A vast amount of useful and informative material relating to the appearance of the sun at different wavelengths, visual and instrumental observation, and analyses and records of sunspot data are available via the Internet. The list below is intended to provide the new observer with some initial points of contact with this resource. Some entries in the list present the full address required to get to a specific display or table.
February 20, 2013
- The NASA SDO mission released a fascinating video showing "rain" from a magnetic loop falling back onto the surface of the Sun. It's not rain, but hot plasma magnetically levitated off the Sun!
February 15, 2013
Here are a number of solar photographs obtained by AAVSO solar observers over many years. Thanks to all of the photographers for sharing their images with us!
Atmospheric Seeing Conditions
Contributed by Tom Fleming (FLET)
Reports and observations submitted to the AAVSO use the following ratings for atmospheric turbulence (Seeing): Poor, Fair, Good and Excellent.
SOLAR REPORTING FORM The sunspot reporting form below has been created with a variation of the SUNKEY.exe program and embodies the information and column/character alignments required by the AAVSO Solar Division data processing software. It can be used by any observer who has previously sent an email report to the Division using SUNKEY.exe or the regular-mail paper report.
Spreadsheet for Calculation of Ra and Ri Statistics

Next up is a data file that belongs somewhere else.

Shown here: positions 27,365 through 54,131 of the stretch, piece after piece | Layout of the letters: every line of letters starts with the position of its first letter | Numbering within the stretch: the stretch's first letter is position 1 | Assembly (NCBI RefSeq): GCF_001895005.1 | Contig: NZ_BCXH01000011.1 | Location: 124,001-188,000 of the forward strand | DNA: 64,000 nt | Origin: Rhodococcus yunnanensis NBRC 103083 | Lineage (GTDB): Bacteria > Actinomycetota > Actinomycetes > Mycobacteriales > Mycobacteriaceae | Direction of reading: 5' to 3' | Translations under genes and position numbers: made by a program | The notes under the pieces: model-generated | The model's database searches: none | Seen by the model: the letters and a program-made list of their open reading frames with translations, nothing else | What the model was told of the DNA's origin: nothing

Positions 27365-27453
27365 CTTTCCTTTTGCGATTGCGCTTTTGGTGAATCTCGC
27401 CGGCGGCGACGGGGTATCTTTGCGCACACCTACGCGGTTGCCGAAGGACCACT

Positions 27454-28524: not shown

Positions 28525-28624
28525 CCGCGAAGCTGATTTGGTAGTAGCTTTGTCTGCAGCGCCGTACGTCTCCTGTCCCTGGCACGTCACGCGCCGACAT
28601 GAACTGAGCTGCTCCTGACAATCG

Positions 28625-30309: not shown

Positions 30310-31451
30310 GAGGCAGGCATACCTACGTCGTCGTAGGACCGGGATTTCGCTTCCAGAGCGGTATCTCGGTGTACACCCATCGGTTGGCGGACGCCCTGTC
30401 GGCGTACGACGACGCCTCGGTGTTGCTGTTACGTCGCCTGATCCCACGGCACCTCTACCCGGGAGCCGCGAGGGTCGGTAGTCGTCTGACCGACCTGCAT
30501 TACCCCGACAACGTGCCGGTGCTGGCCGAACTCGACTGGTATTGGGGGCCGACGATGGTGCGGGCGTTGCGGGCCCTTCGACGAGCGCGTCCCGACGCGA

The spreadsheet below was developed by William Wilson (WILW), a solar observer who regularly contributes his observations to the AAVSO's Solar Division. It enables the user to compare his/her R-numbers to the Ra numbers reported by the Division and to the SIDC International Index (Ri). The spreadsheet was prepared Excel 97/98/2000/2001 and will open in the PC or Mac programs in that series, since the file format is the same for all of them.
Plans for Visual Solar Spectroscope - by Gerald P. Dyck
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Gerald P. Dyck
Click any image to enlarge.
Reducing Data Gathered by VLF Monitoring Systems
(Extracted from SID Technical Bulletin Vol. 3, Number 4, Oct. 1992)
The reduction process is quite simple, and consists of the steps which follow. First, the universal time for each of three event-phases must be measured for each SID. Examples are indicated on the recording at the end of this report.